Bernie Sanders has been awarded an additional delegate after the Colorado Democratic Party admitted that they miscounted the results in ten percent of precincts. If Sanders gets the support of one of the state’s two uncommitted superdelegates, he will win a majority of delegates in Colorado.
The Denver Post reported on a small mistake with potentially large consequences:
The mistake is a minor shift with major implications. The new projection now shows the Vermont senator winning 39 delegates in Colorado, compared to 27 for Clinton.
Even if Clinton wins all 12 superdelegates in the state, Sanders can finish no worse than a split decision. The new count contrasts with prior projections from The Post, Bloomberg Politics and The Associated Press that indicated Clinton would probably win the majority of the 78 delegates in Colorado because of her support from party leaders with superdelegate status.
If Sanders lands one Colorado superdelegate — two are still undecided and others are facing significant pressure — he could win the state’s delegation.
The problem here wasn’t the mistake, but the way that it was handled. The state Democratic Party misreported the results to the public and kept their mistake quiet until it was uncovered by The Denver Post. The state party reported the error to the Clinton campaign but never told the Sanders campaign.
The fiasco in Colorado highlights that caucuses are not official elections, and by design, they are vulnerable to mistakes and corruption. There are growing calls in Colorado for the state to a primary system. Primaries are more transparent, and most importantly are not held by state parties.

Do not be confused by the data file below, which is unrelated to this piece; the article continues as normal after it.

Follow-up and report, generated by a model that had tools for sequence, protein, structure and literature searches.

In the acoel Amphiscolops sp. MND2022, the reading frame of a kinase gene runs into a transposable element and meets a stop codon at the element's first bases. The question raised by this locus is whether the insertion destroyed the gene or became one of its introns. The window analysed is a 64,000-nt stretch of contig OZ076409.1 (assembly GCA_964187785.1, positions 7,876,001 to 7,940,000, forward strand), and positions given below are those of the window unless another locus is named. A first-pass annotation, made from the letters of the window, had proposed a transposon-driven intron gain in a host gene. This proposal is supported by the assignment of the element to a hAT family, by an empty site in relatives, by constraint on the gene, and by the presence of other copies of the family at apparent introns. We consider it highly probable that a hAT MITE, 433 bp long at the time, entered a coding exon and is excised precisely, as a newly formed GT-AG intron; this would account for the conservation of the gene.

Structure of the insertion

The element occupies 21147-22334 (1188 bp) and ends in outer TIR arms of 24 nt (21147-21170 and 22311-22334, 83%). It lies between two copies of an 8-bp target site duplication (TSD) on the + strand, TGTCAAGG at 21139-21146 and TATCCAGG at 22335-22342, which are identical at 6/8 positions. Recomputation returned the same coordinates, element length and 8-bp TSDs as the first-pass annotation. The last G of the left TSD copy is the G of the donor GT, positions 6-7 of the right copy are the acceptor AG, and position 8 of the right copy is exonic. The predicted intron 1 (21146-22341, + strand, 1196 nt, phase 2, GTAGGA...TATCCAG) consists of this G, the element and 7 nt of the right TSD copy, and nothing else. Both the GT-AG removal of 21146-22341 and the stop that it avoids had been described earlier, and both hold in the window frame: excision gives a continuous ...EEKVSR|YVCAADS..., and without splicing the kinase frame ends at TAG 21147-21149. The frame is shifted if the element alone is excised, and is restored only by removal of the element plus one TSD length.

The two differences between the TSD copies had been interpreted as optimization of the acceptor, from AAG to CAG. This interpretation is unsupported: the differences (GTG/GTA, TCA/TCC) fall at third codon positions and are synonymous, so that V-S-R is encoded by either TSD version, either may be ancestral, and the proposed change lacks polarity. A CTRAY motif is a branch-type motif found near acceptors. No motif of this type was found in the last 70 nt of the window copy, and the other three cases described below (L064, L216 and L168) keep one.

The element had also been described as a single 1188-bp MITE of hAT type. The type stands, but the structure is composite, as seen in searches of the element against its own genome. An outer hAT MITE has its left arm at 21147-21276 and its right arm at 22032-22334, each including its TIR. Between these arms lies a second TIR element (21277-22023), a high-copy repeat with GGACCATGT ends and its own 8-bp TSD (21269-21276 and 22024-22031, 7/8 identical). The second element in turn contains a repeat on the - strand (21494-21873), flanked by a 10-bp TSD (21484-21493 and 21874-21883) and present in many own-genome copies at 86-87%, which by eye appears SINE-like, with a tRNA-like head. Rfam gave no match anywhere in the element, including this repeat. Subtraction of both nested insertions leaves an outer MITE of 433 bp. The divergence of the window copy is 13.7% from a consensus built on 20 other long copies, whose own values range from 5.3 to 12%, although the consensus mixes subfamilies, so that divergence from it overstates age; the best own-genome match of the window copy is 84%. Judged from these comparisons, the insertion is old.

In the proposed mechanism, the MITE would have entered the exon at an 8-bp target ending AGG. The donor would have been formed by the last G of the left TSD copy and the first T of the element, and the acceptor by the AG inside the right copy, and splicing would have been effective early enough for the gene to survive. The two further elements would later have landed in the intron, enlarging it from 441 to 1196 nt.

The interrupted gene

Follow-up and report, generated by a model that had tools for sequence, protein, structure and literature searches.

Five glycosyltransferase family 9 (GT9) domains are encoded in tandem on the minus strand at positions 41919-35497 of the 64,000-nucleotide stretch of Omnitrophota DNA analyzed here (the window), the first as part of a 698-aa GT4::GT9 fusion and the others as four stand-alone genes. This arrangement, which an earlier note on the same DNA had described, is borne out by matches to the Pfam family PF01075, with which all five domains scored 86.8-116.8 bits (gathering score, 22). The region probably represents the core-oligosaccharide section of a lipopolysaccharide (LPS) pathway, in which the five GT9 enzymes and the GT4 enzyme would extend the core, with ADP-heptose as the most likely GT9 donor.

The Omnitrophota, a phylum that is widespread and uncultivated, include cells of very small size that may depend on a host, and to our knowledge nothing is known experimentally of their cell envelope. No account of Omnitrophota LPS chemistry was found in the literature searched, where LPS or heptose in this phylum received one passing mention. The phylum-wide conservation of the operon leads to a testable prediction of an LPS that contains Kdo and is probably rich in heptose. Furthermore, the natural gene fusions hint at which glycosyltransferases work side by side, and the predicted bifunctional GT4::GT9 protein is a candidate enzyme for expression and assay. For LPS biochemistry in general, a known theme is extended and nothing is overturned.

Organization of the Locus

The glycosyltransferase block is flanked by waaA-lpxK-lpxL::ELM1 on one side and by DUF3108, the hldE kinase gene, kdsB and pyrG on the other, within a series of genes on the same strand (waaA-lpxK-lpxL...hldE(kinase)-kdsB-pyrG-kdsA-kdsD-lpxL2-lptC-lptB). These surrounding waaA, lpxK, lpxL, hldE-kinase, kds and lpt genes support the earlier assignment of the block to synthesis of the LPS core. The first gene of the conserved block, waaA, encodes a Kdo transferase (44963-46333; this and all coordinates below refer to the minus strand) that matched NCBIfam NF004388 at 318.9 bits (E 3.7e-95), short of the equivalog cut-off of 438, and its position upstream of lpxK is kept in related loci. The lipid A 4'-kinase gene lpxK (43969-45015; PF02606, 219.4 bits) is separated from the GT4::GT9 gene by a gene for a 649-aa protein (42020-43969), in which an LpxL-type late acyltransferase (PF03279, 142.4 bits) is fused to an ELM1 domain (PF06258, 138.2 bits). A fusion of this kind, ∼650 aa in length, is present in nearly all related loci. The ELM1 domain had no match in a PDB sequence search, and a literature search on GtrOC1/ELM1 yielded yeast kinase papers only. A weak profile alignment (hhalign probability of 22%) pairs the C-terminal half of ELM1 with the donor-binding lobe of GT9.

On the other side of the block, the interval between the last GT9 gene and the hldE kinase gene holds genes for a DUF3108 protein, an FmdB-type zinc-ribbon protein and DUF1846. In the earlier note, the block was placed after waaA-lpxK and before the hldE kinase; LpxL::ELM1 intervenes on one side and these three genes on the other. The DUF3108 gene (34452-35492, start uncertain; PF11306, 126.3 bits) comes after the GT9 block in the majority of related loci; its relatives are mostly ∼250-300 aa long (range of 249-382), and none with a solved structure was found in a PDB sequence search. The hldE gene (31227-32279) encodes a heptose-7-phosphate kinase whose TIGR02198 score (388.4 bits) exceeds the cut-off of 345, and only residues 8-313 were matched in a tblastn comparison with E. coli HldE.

Caucuses are also fundamentally undemocratic. The caucus system imposes artificial barriers to participation that limit turnout to the most dedicated supporters of each candidate. Again, since caucuses aren’t official elections the process is controlled by each state party and can be influenced by the agendas and interests of state party leaders.
The process of selecting a presidential nominee is too important to be left up to caucuses that are run by the state parties. Bernie Sanders would have never gotten the extra delegate and a chance to win the Colorado delegation without the efforts of The Denver Post.
Sanders has benefitted more than any other candidate from the caucus system in 2016, but what happened to him in Colorado demonstrates why the caucuses have got to go.
Mr. Easley is the managing editor. He is also a White House Press Pool and a Congressional correspondent for PoliticusUSA. Jason has a Bachelor’s Degree in Political Science. His graduate work focused on public policy, with a specialization in social reform movements.
Awards and Professional Memberships
Member of the Society of Professional Journalists and The American Political Science Association